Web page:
Rwanda is not a safe third country for asylum seekers and the deficiencies in its asylum processes must be corrected for the country to receive asylum-seekers under its migration deal with the United Kingdom, a UK High Court of Appeal ruled Thursday, reversing an earlier decision that had deemed it safe.
“The deficiencies in the asylum system in Rwanda are such that there are substantial grounds for believing there is a real risk that persons sent to Rwanda would be returned to their home countries, where they face persecution or other inhumane treatment when in fact, they have a good claim for asylum. In that sense, Rwanda is not a safe country.
“That conclusion is based on the evidence that was before the High Court that the Rwanda system for deciding asylum claims was in the period up to the conclusion of the Rwandan agreement inadequate,” ruled Lord Chief Justice Lord Burnett.
He added that the Bench was unanimous in accepting assurances given by the Rwandan government were made in good faith and were intended to address any defects in the asylum process.
“However, the majority believe the evidence does not establish the necessary changes will be by then reliably affected or would be at the time of the removals in consequence sending anyone to Rwanda constitute a breach of Article 3 of the European Convention on Human Rights, which parliament has required the government to comply with.”
While the UK government will appeal the decision at the Supreme Court, the decision is a major setback for both the United Kingdom and Rwanda, who have been actively promoting the arrangement to UN agencies and other countries as an innovative solution for a “broken” international refugee protection regime.
They contend it will deter criminality, exploitation and abuse and support the humane and respectful treatment of refugees.
Rishi Sunak, UK’s Prime Minister, in a statement issued on Thursday in response to the Court decision, said: “Rwanda is a safe country.
The High Court agreed.
The UNHCR have their own refugee scheme for Libyan refugees in Rwanda. We will now seek permission to appeal this decision to the Supreme Court.”
Now, both countries will await the decision of the Supreme Court to implement the controversial migration deal, which seeks to control illegal migration, with asylum seekers arriving on small boats across the English Channel from France being immediately transferred to Rwanda, where their paperwork will be processed.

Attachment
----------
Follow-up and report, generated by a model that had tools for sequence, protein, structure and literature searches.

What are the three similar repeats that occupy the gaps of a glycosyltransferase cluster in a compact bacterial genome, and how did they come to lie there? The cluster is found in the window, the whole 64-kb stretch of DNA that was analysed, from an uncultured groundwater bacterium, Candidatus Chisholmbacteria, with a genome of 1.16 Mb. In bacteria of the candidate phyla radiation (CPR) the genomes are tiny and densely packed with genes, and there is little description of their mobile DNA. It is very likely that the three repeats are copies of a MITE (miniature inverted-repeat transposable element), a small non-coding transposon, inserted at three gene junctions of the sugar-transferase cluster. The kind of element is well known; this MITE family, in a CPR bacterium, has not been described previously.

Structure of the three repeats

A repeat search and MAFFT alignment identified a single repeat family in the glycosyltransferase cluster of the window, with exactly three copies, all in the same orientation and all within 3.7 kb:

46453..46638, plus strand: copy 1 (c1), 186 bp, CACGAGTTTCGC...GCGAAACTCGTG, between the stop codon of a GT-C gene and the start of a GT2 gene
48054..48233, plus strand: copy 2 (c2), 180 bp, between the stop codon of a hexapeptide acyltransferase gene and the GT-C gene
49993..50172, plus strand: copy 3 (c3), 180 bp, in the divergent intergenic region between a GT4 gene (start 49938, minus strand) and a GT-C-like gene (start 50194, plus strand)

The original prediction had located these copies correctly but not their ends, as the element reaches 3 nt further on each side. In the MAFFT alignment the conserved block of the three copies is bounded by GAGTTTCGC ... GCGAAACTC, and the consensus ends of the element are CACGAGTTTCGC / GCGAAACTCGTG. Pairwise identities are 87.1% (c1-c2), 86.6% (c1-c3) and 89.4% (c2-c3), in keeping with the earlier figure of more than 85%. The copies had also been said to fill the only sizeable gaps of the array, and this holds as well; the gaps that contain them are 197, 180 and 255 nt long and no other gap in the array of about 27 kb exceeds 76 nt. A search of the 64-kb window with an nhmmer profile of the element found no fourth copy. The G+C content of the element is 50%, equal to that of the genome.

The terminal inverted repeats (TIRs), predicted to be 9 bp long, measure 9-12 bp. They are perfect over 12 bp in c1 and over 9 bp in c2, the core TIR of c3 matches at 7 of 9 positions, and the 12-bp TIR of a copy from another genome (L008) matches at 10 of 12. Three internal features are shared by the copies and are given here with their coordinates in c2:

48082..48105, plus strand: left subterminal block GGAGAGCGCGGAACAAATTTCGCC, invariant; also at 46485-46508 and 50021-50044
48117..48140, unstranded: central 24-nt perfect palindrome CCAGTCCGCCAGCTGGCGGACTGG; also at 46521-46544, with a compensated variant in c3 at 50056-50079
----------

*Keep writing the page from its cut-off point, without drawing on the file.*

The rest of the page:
For Rwanda, while the deal does not create any legal obligations between the parties, it says it remains committed to implementing the memorandum of understanding (MoU) signed April 2022.
Rwanda protested reference to the country as not safe, as it continues to host thousands of refugees.
“While this is ultimately a decision for the UK’s judicial system, we take issue with the ruling that Rwanda is not a safe country for asylum seekers and refugees.
Rwanda is one of the safest countries in the world and we have been recognised by the UNHCR and other international institutions for our exemplary treatment of refugees,” the government said in response to the ruling.
In February 2023, the UNHCR and the EU renewed their partnership with Rwanda to 2026 to continue providing hosting under the Emergency Transit Mechanism for asylum seekers evacuated from Libya.
Kigali says migrants will be entitled to full protection under Rwandan law, equal access to employment, and enrolment in healthcare and social care services as well as the issuance of necessary identification documents.
Human-rights activists maintain concerns about Rwanda’s suitability as a host country and object in principle to the use of “externalisation” policies and consider that the deal undermines the post-WW2 international protection regime.
Sacha Deshmukh, Amnesty International UK chief executive, welcomed the judgment and urged the UK government to abandon its plans.
“The Rwanda deal is a cynical distraction from the pressing need to radically reform our chronically failing asylum procedures — which are slow, increasingly chaotic and leave thousands of people stranded in limbo for years.
“The government should now completely abandon the Rwanda deal — and any others like it — before doing any more damage to our international reputation or to the people threatened by such plans,” Deshmukh said in a statement.
Recently, the UK and Rwanda signed an addendum to the original MoU allowing the transfer of people who have not claimed asylum in the UK. The original memo had limited it to illegal migrants seeking asylum in the UK arriving on small boats from France.
The addendum includes assurances as to the treatment of relocated individuals, monitored by the Joint Committee and the Monitoring Committee, established under the agreement.
The UK Conservative government is under pressure to curb immigration to deliver on its 2019 election pledge to “take back control” of its borders.
It has launched a new separate illegal immigration bill that seeks to give more powers to the government to automatically reject, detain and remove asylum seekers who arrive in the UK illegally.
The controversial illegal migration bill is currently before the House of Lords where it is expected to face some resistance though it will pass.
Critics led by the UNHCR say the bill violates international law (the Refugee Convention) as it may deny protection to many asylum-seekers in need of safety and protection, and even deny them the opportunity to put forward their case.